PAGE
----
Margie said...

Wow, another stellar guest post by a gifted author! How am I ever going to find time to read all these wonderful stories? That gift of the antique Aesop fables sounds perfect for a reader and author such as Sierra. Good things in small packages---gifts of love...

Marjorie/cenya2 said...

I have never read a book by this author, however, I could always start with these.
Do you have a favourite mystery author. I do like mystery book giveaways.

cenya2 at hotmail dot com

SavingsInSeconds said...

I have never heard of this author, but would love to read one of her books.

BookAttict said...

I'm going to quote JM Tohline (author of The Great Lenore)from his blog -- the quote reflects my feelings on short stories better than I could ever express....

"Short stories are more difficult to master than novels. In order to execute a short story, you must accelerate everything in the story's development - without making it feel rushed. In fact, those short stories that feel "perfect" are often the ones that feel slowed-down - that feel longer than the actual word count or number of pages - in spite of having this accelerated pace. These are the stories that stick with you, that hit you harder than you imagine something so small could."

~JM Tohline (jmtohline . com)

Thanks for the giveaway & have a Happy New Year!

elizabeth @ bookattict . com

Denise Z said...

I have often not cared for short stories, simply because I want more, I want to get so into a character when I am reading that I cannot not wait until they come to visit with the next installment. Recently I have been reading more and more short stories that have proven to be real jewels and I find myself changing my view of the. I have a friend I was discussing this with recently and she said her primary reading base was shorts because she was sure she would be able to finish the story with her personal time constraints. This gave me a new perspective on the short as well. I looked up these intriguing books and I think there are definitely some good reads here :) Thank you for sharing with us and for the lovely giveaway opportunity.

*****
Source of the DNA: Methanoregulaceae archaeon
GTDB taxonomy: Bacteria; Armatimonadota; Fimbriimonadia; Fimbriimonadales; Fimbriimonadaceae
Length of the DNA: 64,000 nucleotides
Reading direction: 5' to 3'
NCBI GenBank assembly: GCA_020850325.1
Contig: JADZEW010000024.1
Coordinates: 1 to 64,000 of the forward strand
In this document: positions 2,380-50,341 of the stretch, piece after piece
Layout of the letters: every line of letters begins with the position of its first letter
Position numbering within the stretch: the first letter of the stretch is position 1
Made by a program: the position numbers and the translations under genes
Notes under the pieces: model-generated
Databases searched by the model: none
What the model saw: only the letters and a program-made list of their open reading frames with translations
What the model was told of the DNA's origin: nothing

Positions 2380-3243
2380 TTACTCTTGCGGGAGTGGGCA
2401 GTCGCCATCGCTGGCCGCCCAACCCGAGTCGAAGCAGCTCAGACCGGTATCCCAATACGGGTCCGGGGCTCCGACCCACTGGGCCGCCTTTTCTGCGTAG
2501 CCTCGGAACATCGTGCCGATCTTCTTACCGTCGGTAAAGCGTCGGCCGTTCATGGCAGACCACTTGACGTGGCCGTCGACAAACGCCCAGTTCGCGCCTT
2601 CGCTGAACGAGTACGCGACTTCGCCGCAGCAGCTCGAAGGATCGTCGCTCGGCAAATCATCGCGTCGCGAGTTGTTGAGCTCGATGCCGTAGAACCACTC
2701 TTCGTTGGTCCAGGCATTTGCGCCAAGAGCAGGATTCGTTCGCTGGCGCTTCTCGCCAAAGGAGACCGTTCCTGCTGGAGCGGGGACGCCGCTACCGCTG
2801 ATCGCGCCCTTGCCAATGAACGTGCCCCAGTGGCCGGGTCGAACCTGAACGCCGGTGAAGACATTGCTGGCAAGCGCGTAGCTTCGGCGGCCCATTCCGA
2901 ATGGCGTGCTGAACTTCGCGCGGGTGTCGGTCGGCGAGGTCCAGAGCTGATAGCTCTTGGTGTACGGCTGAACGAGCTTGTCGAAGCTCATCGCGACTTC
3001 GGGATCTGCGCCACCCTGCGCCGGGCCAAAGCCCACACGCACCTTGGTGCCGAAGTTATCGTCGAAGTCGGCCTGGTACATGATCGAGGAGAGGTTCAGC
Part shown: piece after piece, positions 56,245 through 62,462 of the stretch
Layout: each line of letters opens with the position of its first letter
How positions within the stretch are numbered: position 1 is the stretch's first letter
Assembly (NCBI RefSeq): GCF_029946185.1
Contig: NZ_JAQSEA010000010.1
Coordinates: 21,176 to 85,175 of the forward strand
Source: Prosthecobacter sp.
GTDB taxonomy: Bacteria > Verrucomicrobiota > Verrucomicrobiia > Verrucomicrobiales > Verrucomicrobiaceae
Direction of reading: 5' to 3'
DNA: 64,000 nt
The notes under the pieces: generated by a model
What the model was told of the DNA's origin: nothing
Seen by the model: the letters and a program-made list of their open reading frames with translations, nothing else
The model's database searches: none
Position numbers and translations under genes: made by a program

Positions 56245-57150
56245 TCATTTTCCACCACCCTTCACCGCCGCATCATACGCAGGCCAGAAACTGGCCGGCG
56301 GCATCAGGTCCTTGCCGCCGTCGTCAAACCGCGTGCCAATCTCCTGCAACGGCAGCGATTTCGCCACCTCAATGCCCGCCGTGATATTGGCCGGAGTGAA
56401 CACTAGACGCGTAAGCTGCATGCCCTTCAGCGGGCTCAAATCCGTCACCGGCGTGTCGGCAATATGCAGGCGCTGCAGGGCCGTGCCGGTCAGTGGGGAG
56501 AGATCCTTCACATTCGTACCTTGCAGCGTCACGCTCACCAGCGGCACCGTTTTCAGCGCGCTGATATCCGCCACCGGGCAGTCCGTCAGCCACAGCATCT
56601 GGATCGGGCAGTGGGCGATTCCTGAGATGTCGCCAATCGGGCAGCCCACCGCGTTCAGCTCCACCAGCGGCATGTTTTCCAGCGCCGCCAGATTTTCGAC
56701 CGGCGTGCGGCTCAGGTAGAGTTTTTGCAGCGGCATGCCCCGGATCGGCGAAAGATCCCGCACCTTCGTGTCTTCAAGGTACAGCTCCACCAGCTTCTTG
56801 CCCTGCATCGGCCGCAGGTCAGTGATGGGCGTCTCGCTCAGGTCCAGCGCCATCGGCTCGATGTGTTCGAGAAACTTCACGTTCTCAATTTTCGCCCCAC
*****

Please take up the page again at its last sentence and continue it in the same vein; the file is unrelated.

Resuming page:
Helen said...

short stories are good for a quick read but I usually prefer a more developed read

Darlene said...

If I am in the mood to buy a book, I don't often seek out short stories. Having said that, I had the opportunity to review a number of short stories last year (sounds weird saying that!!) and I was surprised at how much I did enjoy them! I was actually quite surprised that the length of the story did not affect the depth of character development. I think a good author can hook you, regardless of the story length!

Thanks for the giveaway!

Cookie's Mom said...

Elizabeth, thanks for sharing that quote. Very enlightening!

Cookie's Mom said...

Congratulations to the winner, Claudine! I hope you enjoy your books!

Thanks to all who entered. Stay tuned for more author interviews, guest posts, reviews and giveaways!

Thank to Patricia Sierra for her generous gift of two of her own books plus this wonderful collection by Christopher Meeks!

Claudine said...

Oh cool! My first ever giveaway win!